Robert Bowyer was a British miniature painter and publisher.
Bowyer was born in Portsmouth to Amos and Betty Ann Bowyer and baptized on 18 June 1758. His first job was as a clerk to a merchant in Portsmouth and then London. Two different accounts of his career shift survive. The first claims that he had decided to voyage to America, and before leaving wanted to obtain a portrait of himself for his fiancée, Mary Shoveller. Unable to afford to commission one, he painted one himself and eventually gave up the idea of going to America and became a miniaturist. The second claims that he was simply looking for a job and decided to paint. On 14 July 1777, Bowyer married Shoveller; the couple had one daughter.
Bowyer probably began to train with the miniature painter John Smart in the late 1770s and exhibited his first works at the Society of Artists in 1782 and at the Royal Academy in 1783. Bowyer had a successful career, painting the Duke of Rutland, the Marchioness of Salisbury, and Lord Nelson. On 4 March 1789 Bowyer was appointed Miniature Painter in Ordinary to the King, following the death of Jeremiah Meyer.
In the 1790s, Bowyer became a print publisher, starting with his own works. His two major endeavors were an illustrated edition of the Bible and David Hume's The History of England. Bowyer's Bible, begun in 1791 and finished in 1795, included 32 engravings by James Fittler after Old Master paintings. Bowyer also bought prints in France that he incorporated into a later edition known as "Bowyer's Bible"; he had an agent purchase even more during the Napoleonic wars. These were added to Thomas Macklin's illustrated edition of the Bible, extending it to 45 volumes.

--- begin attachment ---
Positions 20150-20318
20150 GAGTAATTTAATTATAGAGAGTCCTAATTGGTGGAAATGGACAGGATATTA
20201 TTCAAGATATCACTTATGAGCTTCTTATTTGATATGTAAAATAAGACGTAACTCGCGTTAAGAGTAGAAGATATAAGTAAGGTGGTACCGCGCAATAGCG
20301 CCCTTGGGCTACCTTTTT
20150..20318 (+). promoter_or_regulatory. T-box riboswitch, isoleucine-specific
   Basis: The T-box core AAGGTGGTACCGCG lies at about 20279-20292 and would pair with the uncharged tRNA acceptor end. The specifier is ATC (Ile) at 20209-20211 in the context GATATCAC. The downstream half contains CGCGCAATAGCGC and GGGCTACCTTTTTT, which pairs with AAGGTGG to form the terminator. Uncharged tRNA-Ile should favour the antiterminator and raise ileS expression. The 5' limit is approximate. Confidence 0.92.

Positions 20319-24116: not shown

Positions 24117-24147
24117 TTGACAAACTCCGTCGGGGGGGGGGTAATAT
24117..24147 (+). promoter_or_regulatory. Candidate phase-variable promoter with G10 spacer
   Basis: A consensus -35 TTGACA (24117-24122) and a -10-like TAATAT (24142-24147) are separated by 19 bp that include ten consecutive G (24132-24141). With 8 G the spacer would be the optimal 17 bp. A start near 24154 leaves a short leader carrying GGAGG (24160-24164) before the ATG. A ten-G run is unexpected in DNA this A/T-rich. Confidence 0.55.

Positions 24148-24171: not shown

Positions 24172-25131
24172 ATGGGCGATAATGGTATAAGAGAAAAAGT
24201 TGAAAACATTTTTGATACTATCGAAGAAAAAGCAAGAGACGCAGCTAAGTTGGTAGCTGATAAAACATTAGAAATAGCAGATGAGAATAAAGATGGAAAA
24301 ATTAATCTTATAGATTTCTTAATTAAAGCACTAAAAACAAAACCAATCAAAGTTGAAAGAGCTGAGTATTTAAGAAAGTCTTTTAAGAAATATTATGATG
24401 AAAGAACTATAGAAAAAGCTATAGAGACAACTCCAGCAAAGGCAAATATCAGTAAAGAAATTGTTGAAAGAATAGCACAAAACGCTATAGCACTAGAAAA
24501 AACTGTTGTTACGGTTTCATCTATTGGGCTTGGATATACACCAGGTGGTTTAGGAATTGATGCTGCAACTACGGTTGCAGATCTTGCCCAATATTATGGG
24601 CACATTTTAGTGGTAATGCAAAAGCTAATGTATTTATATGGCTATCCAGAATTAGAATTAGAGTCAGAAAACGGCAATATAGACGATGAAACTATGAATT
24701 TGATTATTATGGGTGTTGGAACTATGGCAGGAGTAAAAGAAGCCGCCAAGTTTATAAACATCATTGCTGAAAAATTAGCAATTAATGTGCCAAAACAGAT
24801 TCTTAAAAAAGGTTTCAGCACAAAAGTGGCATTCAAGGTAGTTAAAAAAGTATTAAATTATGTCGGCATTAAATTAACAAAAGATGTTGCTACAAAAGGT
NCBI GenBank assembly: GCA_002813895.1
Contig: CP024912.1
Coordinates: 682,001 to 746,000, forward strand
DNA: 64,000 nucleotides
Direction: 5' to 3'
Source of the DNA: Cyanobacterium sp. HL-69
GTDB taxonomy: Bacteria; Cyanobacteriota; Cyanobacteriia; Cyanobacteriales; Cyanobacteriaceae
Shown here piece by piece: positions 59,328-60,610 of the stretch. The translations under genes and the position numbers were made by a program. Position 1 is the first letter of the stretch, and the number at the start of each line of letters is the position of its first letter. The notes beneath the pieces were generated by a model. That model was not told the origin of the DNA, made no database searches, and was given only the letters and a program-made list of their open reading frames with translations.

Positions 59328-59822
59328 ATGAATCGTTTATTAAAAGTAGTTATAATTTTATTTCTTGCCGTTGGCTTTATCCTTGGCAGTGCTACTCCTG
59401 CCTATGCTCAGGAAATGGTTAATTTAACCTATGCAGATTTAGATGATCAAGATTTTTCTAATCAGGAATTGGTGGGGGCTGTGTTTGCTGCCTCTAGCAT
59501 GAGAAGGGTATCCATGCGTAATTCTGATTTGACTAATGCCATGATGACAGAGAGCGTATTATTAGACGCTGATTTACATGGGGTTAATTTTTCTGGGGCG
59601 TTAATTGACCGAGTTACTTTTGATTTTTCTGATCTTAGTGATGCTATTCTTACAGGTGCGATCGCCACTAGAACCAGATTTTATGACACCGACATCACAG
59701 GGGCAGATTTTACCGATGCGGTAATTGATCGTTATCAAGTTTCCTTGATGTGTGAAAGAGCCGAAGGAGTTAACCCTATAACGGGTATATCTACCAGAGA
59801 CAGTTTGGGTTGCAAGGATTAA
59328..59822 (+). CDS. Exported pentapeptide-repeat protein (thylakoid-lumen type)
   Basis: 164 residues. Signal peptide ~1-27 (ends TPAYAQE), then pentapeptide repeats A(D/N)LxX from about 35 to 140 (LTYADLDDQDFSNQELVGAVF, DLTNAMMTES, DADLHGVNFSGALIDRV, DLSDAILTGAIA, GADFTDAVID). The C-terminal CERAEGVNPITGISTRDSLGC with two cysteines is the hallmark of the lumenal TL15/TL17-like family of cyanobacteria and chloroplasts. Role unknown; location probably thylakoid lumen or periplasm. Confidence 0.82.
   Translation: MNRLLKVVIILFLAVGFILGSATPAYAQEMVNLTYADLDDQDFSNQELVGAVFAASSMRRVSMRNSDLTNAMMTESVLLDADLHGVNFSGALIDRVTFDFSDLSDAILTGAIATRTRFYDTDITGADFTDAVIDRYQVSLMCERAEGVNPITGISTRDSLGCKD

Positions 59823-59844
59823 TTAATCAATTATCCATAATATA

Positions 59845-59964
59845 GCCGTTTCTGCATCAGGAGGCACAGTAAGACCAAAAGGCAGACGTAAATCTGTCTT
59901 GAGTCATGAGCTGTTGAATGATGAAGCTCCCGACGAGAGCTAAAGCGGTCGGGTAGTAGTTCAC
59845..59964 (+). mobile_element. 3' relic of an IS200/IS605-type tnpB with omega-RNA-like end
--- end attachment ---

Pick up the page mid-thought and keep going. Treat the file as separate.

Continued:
Bowyer displayed the paintings he commissioned for Hume's work in a "Historic Gallery", sited in the Schomberg House building at 82 Pall Mall. The idea of placing the original pictures for the illustrated edition on display followed the examples of the Boydell Shakespeare Gallery, Thomas Macklin's Gallery of the Poets, and Henry Fuseli's Milton Gallery, all of which operated in Pall Mall at around the same time. Benjamin West and others contributed a total of 60 works to the Historic Gallery. By 1806, Bowyer had printed five folios, covering the years up to 1688, but high costs then prevented him from completing the work. Bowyer lost as much as £30,000 on the project and in 1805, to recoup some of these costs, he followed John Boydell's route in applying to Parliament for permission to hold a lottery for the gallery contents. Even after receiving approval for the lottery, it took Bowyer a further year to ensure that two paintings by Robert Smirke and 18 engravings were completed and the sale could proceed.
Due to his relationship with Smart, Bowyer also published a series of engravings regarding India. In 1794, for example, he published Picturesque Views, with a Descriptive History of the Country of Tipoo Sultan after drawings by Robert Home and in 1797 Oriental Scenery: Twenty-Four Views in Hindoostan after drawings by Thomas Daniell.
In 1796, the Bowyers' only daughter died at 18 and Robert wrote to Warren Hastings that he feared his wife might die as well. Three years later, however, the couple adopted Catherine Andras an orphaned wax modeller from Bristol.
During the Peace of Amiens, the Bowyers and Andras went to Paris as members of the Baptist Missionary Society and helped form the French Evangelical Society. Bowyer became increasingly active in religious causes later in his life, establishing a Sunday School, for example. He even bought a public house, demolished it, and built a chapel in its place near his place of business. In addition to religious activities, Bowyer turned back to miniature portrait painting at the end of his life. George IV and others sat for him.
Bowyer's last years were plagued by financial difficulties and his home suffered a significant fire. He died on 4 June 1834. Mary Parkes, a maid and shop assistant, inherited the business.